MEXICO CITY (Reuters) - Mexico’s Congress passed a package of anti-corruption bills on Friday, including stiffer penalties for graft, but the legislation was stripped of a provision that would have required public officials to make public their asset declarations.
President Enrique Pena Nieto has made the push for tougher anti-corruption laws a top priority of his government, which has been accused by its critics of a lax attitude toward fighting corruption.
If signed into law by Pena Nieto, the package of laws would increase fines and jail time for public officials convicted of bribery, embezzlement and illegal enrichment as well as create an independent anti-corruption prosecutor.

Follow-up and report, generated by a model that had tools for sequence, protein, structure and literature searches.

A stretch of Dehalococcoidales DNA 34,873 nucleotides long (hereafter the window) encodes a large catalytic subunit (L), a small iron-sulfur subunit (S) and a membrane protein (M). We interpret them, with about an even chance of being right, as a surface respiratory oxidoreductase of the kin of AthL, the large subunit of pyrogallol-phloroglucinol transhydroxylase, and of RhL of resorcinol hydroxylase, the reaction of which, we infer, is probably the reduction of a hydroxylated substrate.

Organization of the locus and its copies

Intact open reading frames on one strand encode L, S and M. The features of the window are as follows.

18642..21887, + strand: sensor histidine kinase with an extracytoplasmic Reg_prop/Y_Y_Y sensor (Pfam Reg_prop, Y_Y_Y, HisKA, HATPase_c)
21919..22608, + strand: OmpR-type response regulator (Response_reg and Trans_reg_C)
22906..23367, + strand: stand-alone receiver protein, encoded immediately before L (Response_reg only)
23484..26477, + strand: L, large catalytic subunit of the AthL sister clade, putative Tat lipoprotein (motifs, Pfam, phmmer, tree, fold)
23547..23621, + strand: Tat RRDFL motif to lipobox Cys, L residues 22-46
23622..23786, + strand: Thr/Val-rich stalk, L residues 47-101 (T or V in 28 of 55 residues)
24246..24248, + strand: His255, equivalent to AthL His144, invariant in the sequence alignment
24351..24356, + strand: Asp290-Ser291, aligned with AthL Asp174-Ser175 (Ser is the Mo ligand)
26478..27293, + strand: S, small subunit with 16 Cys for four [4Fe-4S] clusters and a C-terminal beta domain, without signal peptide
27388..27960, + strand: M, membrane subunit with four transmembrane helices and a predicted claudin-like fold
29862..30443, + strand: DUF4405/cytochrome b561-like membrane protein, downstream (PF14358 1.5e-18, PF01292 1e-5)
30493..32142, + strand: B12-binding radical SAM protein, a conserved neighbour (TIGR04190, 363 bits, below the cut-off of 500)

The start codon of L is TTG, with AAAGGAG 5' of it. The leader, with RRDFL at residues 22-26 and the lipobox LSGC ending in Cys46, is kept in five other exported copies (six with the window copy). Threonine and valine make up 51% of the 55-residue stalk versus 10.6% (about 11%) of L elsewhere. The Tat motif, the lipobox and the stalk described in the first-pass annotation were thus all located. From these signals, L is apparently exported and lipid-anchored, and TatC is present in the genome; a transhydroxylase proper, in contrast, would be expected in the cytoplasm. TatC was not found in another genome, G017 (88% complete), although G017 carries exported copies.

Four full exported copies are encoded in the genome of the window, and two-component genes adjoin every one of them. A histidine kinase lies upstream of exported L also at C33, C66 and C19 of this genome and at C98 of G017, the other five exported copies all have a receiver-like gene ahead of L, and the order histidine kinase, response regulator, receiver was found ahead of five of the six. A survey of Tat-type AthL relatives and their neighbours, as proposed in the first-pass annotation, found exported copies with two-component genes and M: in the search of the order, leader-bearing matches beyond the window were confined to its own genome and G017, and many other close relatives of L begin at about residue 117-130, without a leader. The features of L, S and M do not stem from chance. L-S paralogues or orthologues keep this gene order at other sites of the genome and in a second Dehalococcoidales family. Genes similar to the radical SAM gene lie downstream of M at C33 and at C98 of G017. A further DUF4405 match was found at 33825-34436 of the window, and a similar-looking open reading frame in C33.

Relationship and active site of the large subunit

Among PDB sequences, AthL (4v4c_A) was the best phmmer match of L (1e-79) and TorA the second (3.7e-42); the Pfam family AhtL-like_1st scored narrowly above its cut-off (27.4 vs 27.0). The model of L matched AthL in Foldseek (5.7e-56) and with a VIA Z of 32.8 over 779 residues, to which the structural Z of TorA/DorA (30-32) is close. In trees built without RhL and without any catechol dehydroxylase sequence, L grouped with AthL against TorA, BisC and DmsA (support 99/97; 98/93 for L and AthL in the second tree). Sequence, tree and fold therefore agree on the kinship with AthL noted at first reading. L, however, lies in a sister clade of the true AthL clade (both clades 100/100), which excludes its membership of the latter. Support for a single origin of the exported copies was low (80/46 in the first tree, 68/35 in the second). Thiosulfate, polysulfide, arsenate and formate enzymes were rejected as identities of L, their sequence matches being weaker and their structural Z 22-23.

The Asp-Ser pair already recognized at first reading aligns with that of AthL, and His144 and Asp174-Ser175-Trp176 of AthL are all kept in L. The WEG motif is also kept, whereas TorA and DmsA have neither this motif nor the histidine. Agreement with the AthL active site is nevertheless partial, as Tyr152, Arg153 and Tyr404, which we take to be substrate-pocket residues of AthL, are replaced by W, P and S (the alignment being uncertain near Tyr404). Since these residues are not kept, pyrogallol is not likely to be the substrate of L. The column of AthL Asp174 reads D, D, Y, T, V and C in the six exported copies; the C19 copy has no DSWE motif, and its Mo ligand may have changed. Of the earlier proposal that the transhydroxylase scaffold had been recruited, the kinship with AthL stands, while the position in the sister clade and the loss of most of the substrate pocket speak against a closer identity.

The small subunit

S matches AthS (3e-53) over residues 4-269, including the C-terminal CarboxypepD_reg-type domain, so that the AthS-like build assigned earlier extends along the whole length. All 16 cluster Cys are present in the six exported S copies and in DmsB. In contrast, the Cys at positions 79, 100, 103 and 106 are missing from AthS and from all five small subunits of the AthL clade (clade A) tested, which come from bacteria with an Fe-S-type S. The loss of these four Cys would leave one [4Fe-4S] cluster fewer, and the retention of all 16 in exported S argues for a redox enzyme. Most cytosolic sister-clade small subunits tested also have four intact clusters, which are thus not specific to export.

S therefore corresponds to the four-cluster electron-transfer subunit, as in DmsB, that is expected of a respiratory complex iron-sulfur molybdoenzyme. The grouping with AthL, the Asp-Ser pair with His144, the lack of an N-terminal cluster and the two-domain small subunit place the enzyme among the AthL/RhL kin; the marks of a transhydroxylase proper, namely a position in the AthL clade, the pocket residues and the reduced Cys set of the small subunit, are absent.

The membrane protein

Lawmakers from Pena Nieto’s Institutional Revolutionary Party, or PRI, and its allies in Congress voted down a provision that would have forced elected politicians and other public officials to publicly disclose their assets, taxes and potential conflicts of interests.
The same lawmakers, however, voted to approve a requirement that private citizens, including businesses, that receive government funding or contracts, must make such public disclosures.
Reporting by Anahi Rama; Writing by David Alire Garcia; Editing by Richard Pullin